SEXY, SEX, SEX, SEX! Okay, did that get your attention?
It probably did. Whether it got your attention because it seemed like something a deranged person would scream on the train before trying to break into the conductor’s carriage or whether it got your attention because it filled your mind with some exciting imagery is debatable. The important thing, at least in the eyes of advertisers, is that it got your attention.
If you have lived on earth in the past year, it is highly likely that you have come into contact with one of the most basic advertising tenets, the notion that that ‘sex sells.’ We hear this phrase so often that we take it for granted. Most people believe that sex sells, but does it sells everything? And more importantly, why does it sell?
If you step back for a second and look at a run-of-the-mill deodorant ad, it is hard to believe that simply by spraying Lynx on your body, a group of women will be chasing you down the street. Everyone knows this instinctively, but these style of ads are a dime a dozen. They are so common that have become the default advertising trope used in cologne/deodorant/perfume genre. The idea that by using these products, you will become cartoonishly attractive to the opposite sex is standard in the world of advertising.
Amidst its already ubiquitous frequency, new studies indicate that it appears the prevalence of sex in advertising is continuing to rise.
“Looking at 3,232 full-page ads published in 1983, 1993 and 2003 in popular magazines Cosmopolitan, Redbook, Esquire, Playboy, Newsweek and Time, researchers found sexual imagery in 20 percent of the ads. Using sex to sell everything from alcohol to banking services has increased over the years: 15 percent of ads used sex to sell in 1983; that percentage grew to 27 percent in 2003.” - Tom Reichert, professor and head of the department of advertising and public relations in the UGA Grady College of Journalism and Mass Communication
As sex is continually used as an advertising tool, the level of ‘provactiveness’ also needs to increase in order to make an ad ‘stand-out’ amongst the masses.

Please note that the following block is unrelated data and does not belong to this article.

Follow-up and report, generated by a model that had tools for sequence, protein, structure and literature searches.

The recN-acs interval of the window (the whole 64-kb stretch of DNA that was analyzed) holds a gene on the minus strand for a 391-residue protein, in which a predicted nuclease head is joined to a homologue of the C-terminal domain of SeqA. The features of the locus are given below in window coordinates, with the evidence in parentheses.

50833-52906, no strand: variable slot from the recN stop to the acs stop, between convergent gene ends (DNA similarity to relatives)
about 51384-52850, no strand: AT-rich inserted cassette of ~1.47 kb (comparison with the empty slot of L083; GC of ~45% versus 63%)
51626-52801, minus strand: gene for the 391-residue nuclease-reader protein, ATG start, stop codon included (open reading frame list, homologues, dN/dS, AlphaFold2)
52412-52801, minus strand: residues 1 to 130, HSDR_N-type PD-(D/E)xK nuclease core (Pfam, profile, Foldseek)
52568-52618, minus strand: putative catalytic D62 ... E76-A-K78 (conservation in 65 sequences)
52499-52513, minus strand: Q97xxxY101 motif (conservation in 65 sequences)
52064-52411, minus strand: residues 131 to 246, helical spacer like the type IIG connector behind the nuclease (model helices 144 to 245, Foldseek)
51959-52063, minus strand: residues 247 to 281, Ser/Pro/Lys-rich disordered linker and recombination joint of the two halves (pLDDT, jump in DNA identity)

"It takes more explicitness to grab our attention and arouse us than before, in the early 1900s, exposed arms and ankles of female models generated the same level of arousal as partially nude models do today. We can see during our lifetimes the changes in sexually explicit content on television, movies, books and other forms of media beyond just advertising." - Tom Reichert
The real question is, “why is sex used so much?” Like most things in marketing, it has to do with your biology.
“Your unconscious brain is a pure animal – it would love to do nothing more than sleep, eat, stay alive and procreate. One study done at Stanford University placed subjects in functional magnetic resonance imagining (fMRI) and showed them provocative pictures at tenths of a second. They wanted to see if the subconscious brain would react without the subjects being consciously aware. And they found this to be true. The whole brain lit up in a frenzy of arousal all before the subject consciously knew anything happened. One structure in particular was the nucleus Accumbens (NAc). It is responsible for feelings of reward, pleasure and sexual desire (with the neurotransmitter (NT) “dopamine”). – TheKnoxStudent.
This reaction is the same when people view advertisements that use sex. The brain gets a shot of dopamine, similar to the buzz you would get if you saw someone attractive walking down the street. Unconsciously, this is linked to the brand.
Although, in light of this very obvious trend, there is equal research suggesting that sex does not sell. In fact, sex may lessen the chances of selling a product.
“A recent University of Wisconsin study shows that audiences view ads 10% less favourably if they use sex to sell un-sexy products. This study agrees with the data David Ogilvy accumulated over his long and storied career in advertising. In his book Ogilvy on Advertising, he says that sex sells only if it is relevant to the subject being sold. Advertising Professor Jef I. Richards from the University of Texas says, “Sex sells, but only if you’re selling sex.” – Huffington Post
This duality of perspectives creates a very interesting dynamic. On one hand, consumer perceptions of brands that use sex in advertising are diminishing. But on the other hand, the prevalence of ads that utilise sex as a tool is increasing. There are a couple of possible explanations for this:
An increasing social shift towards positive body-image representations in the media may be creating a negative reaction towards sex in advertising from consumers. However, these negative opinions are not a true indication of what really ‘works’ in terms of branding. People may consciously disagree with the use of sex in advertising mediums, but subconsciously identify with brands that utilise sex.
Another explanation is that the increasing consumer perceptions of sex in advertising have resulted in a decrease in its effectiveness. In order to combat this decrease, advertisers have ‘upped the ante’ of sex in order to try and compensate. If this is the case, then eventually advertisers will respond to consumer perceptions and begin using other avenues.
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